BIRMINGHAM, Ala. (WIAT) — If you’re a fan of SEC football, then you’ve probably seen dozens, if not hundreds, of official reviews over the last few years. They all originate in one room in the SEC office.
It’s called the SEC Video Center, and CBS 42 got a behind the scenes look. The room features about 60 monitors where league officials can keep an eye on games each Saturday. Technicians watch games, mark plays, and alert replay officials to close calls. When a play gets reviewed, three replay officials collaborate with the in-stadium replay official to assist in making the decision. The process is designed to make thing easier for the official in the stadium.
“That’s a hot, lonely seat,” Steve Shaw, SEC coordinator of football officials, said. “And to have three collaborative partners in a calm, central site where they can look at it – without people looking in the window, without the fans, without anything really – is a calming effect. And it allows us to make better decisions.”
The SEC has used a collaborative replay process the last three seasons with a goal of making decisions as efficiently as possible. Shaw says officials want to get calls right without slowing down the game too much. He believes they’re getting better each year.
“We were right at (one minute, 15 seconds) on our average review this year, which was very, very good and down really about ten seconds from two years ago,” he said. “So we’ve been able to shorten them and actually have better results.”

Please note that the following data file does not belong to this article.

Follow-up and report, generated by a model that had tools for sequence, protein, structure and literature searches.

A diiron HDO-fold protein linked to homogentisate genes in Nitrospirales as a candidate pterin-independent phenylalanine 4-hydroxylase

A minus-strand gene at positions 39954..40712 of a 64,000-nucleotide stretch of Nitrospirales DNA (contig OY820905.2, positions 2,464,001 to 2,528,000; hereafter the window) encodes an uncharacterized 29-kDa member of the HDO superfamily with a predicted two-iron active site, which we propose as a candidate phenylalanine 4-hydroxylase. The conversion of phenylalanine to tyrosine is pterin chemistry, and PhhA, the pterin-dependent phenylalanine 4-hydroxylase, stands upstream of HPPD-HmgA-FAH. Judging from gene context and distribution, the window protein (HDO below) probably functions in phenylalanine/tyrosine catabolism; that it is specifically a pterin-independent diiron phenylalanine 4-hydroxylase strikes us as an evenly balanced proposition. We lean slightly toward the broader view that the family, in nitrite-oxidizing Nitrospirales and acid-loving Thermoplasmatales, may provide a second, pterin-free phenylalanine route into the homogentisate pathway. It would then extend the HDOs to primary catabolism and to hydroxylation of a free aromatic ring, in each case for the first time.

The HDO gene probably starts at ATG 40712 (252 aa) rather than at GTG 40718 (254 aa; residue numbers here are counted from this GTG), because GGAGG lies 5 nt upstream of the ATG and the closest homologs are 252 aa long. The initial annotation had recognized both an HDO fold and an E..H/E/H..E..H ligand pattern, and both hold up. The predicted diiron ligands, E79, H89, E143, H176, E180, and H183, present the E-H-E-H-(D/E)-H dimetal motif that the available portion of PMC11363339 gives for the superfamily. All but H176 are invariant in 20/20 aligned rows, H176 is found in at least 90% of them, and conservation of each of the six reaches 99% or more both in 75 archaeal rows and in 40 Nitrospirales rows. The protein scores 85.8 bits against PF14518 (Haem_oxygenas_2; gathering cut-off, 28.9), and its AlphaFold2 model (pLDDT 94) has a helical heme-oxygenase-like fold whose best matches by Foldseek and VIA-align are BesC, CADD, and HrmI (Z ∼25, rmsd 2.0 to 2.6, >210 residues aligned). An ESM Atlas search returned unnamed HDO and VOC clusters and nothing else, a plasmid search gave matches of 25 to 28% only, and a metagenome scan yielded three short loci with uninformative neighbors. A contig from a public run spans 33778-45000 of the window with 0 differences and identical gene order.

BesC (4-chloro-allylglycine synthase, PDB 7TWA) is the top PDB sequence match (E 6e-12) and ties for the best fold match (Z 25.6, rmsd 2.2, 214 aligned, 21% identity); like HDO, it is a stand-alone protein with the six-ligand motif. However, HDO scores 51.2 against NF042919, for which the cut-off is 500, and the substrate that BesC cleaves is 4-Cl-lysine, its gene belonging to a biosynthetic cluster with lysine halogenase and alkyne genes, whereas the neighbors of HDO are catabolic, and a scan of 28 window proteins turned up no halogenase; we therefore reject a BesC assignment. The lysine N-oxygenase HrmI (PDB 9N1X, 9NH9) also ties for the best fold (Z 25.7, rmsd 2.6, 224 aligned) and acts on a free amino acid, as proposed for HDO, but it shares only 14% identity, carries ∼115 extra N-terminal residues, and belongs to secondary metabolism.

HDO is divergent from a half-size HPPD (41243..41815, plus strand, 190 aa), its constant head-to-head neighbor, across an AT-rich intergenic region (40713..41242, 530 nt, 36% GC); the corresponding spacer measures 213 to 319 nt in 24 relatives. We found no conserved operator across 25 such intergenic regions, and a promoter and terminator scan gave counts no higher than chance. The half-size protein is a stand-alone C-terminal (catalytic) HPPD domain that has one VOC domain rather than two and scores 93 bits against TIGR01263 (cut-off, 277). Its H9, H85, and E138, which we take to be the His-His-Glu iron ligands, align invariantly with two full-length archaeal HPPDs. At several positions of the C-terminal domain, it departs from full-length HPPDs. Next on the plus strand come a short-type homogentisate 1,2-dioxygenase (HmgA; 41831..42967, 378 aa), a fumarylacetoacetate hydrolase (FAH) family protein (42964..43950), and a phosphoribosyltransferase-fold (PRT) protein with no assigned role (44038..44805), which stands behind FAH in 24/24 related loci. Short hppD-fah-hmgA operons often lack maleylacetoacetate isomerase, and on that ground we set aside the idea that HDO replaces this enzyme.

It’s not always easy to making decisions, and that’s why the league uses the collaborative approach. But Shaw says reviews themselves aren’t the hardest part. It’s the decision whether or not to review a play that creates the biggest challenge.
“Where we kind of sweat bullets, if you will, is in that window of: ‘Do we stop this or not?’ And that’s the decision point that really gets intense throughout the day.”
That’s especially tough now with so many up-tempo offenses in college football.
But the SEC won’t provide officials for the national championship game Monday night since the league has a team in the game. A Big Ten crew will officiate the game, and Shaw says their replay method is much different.
“They actually have a sideline monitor, so it’s almost like an iPad that’s on the sideline that the referee looks at,” he said. “So they are not, as of yet, using their video center. They’re using the sideline, the referee coming over and doing that. And that’s what you’ll see in the national championship game.”